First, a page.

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New strategy advocates joint approach to ageing research challenges
30 September 2010
A strategy for Collaborative Ageing Research in the UK identifies areas where experts can work together across disciplines and sectors to tackle the main health and wellbeing challenges that face our ageing society.
Today, one in six people in the UK are over 65 years old, and by 2033 it is projected that a quarter of the population will be. Ageing is inevitable, but it is not uniform. It is influenced by a variety of factors including genetics and socioeconomic circumstances and average life expectancy varies by as much as 14 years across the UK.
The strategy has been developed as part of the Life Long Health and Wellbeing programme, a partnership between the research councils, including the Biotechnology and Biological Sciences Research Council (BBSRC) and led by the Medical Research Council (MRC), and Health Department funding. It advocates collaboration between experts from all disciplines as a means to solve the challenges an ageing population represents.
Sir Leszek Borysiewicz, outgoing Chief Executive of the MRC highlights how relevant the ageing strategy recommendations are to us all: ''Along with energy and climate change, ageing is one of the major global challenges for the 21st century. Life expectancy in the UK has increased by around 30 years over the past century and this dramatic rise is not limited to the developed world, developing countries are also now experiencing a demographic shift to an increasingly older population.''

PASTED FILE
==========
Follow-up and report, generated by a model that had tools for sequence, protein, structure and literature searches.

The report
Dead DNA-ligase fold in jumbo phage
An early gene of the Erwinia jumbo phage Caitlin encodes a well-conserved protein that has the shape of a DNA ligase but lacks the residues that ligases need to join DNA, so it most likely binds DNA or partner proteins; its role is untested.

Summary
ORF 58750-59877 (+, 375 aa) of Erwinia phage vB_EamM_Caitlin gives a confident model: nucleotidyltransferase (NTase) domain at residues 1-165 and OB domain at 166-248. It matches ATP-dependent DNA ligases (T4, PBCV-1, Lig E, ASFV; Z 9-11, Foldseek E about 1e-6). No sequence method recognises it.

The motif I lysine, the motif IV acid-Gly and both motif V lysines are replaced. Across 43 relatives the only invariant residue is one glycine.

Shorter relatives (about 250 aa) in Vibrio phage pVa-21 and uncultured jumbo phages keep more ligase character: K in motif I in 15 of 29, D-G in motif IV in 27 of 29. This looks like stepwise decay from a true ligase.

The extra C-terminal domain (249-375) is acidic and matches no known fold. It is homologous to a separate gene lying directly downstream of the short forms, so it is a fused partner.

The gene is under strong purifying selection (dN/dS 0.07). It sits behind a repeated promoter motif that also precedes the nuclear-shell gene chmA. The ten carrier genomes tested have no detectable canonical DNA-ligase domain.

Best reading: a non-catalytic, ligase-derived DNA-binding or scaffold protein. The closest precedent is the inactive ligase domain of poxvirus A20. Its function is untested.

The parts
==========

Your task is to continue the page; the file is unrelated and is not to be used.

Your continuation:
Researchers need to find ways to help people live healthier, more independent lives as they age, not just to improve individual quality of life, but to ease the economic strain of an increasingly older population.
The strategy advises that a concerted approach from biologists, clinicians, social scientists, engineers, economists, policy makers and service providers is required to tackle the toughest ageing challenges, for example dementia and frailty. It suggests that experts also need to work together to understand the health and social impacts of working for longer as retirement age increases.
Opportunities for collaboration in areas most likely to have the greatest impact are explored in the strategy. They are:
- Achieving good cognitive function and mental wellbeing later in life
- Promoting physical health in old age
- Extending healthy working lives
- Enhancing mobility and independence in an ageing population
By highlighting these opportunities, the strategy aims to help researchers and funders, together with policy makers, industry and charities, develop future partnerships which will result in greater benefit for our ageing population.
A Strategy for Collaborative Ageing Research in the UK has been developed in consultation with the research councils and the four health departments in the UK, in recognition of the concern that key challenges in ageing - reducing ill health, maintaining independence and providing cost effective care - cannot be solved in isolation.